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  • Filed under: Review
  • 07/12/2011

Com Truise Galactic Melt

Oh, the '80s; some of us try desperately to forget its indelible mark on our culture, while others prefer to revel in its neon nostalgia. Yet no matter your take on über-compressed drum-machine beats, stock analog-synth patches, sci-fi clichés, and cheesy sexual innuendo, there will always (and seemingly quite often) come an artist who mines the era for their own pastiche. New Jersey-based producer Seth Haley (a.k.a. Com Truise) is among the latest batch of musicmakers to do just that. And as his debut LP for Ghostly, Galactic Melt, illustrates, the sonic territory is well past its prime.

Looking solely at the upsides of Com Truise's record, there's plenty to enjoy. Haley certainly knows his way around a synth tone, and manufactures a good number of meaty timbres that all sound vaguely familiar and yet somehow unique. The bassline for "VHS Sex" hits you in the gut while its shimmering pads attempt to amass a lump in your throat, and "Hyperlips" uses similar synths—sounding like they were sampled straight from the earliest cassette tapes—to even more emotive effect. Those two cuts, along with "Air Cal" and "Brokendate," more or less sum up the best parts of Galactic Melt. They exhibit a specific style Haley is obviously not about to abandon, but it's one that can only be incarnated so many times before losing its life force.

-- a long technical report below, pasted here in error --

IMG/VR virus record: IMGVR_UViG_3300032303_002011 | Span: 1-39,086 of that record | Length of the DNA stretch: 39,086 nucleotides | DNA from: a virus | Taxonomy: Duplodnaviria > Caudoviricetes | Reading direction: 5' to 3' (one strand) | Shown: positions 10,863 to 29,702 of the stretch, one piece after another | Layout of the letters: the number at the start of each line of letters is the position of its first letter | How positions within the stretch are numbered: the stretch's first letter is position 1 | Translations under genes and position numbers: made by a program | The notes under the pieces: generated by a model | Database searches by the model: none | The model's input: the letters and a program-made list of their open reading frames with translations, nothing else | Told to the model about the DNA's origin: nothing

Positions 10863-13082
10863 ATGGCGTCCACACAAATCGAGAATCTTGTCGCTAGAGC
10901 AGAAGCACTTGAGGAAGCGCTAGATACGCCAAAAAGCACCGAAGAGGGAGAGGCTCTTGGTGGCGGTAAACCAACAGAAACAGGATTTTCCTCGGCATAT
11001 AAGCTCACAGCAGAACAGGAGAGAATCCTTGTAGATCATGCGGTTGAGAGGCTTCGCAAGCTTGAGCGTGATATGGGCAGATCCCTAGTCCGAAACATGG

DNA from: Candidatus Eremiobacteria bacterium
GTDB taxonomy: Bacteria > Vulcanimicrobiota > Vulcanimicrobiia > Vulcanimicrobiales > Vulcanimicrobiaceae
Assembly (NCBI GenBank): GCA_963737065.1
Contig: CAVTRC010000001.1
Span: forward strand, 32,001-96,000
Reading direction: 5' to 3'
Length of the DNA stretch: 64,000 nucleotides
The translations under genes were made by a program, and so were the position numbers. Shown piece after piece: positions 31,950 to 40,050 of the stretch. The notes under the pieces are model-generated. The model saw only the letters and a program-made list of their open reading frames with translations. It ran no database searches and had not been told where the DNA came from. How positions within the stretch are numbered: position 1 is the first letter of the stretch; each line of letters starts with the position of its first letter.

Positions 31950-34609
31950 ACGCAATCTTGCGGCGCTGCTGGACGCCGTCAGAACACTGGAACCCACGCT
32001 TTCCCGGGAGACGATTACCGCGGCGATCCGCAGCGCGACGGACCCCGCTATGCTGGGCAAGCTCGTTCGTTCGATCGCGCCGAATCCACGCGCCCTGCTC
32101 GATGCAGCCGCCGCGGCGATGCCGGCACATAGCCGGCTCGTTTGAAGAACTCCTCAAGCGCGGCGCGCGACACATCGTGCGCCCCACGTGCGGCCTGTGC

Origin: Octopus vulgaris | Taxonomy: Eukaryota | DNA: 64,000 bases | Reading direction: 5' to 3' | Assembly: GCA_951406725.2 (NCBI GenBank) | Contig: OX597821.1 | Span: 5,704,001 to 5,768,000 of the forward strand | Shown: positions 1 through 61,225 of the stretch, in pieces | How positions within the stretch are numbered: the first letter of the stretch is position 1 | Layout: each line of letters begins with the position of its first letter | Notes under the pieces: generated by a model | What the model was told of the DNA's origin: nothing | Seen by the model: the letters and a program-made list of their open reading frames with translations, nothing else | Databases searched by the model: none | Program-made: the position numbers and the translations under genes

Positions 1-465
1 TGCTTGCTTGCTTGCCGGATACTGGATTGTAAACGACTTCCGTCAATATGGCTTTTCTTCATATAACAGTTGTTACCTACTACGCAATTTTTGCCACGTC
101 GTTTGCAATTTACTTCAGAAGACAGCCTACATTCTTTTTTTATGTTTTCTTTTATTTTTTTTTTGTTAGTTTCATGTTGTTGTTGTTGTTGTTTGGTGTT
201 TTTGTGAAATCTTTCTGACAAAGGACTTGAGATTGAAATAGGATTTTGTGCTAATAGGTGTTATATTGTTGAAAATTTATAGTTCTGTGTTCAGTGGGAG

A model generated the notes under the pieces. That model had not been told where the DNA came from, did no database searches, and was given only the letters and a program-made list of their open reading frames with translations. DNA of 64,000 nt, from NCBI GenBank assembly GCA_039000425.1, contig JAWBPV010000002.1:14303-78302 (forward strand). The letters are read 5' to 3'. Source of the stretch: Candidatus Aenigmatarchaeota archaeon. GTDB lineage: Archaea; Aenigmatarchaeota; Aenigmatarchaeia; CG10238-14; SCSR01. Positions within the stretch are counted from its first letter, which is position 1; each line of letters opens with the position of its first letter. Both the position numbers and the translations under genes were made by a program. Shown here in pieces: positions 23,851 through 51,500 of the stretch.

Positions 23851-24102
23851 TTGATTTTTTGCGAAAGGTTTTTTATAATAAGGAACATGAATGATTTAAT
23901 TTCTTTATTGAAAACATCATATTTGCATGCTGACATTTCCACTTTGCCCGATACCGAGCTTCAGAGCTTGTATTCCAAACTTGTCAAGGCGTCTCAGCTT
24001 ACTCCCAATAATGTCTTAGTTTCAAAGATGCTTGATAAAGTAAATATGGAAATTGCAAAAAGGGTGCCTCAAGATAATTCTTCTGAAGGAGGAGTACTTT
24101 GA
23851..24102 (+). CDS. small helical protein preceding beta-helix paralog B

At its best, Galactic Melt re-appropriates the woozy analog haze of early Boards of Canada records for use in its fluorescent compositions. Outside of those tracks, much of Com Truise's album bares a striking sonic resemblance to the flat synth jingles littering the soundtracks of educational films and TV programs from the '70s and '80s—usually with a sparse and largely uninteresting beat smashing around under those nostalgic mostifs, and quite often one robotic voice or another reiterating the track's title to an obnoxious extent. The kitsch value may warrant a spin or two for curiosity's sake, but few of the album's 10 productions have the staying power of the musical touchstones Com Truise is referencing.

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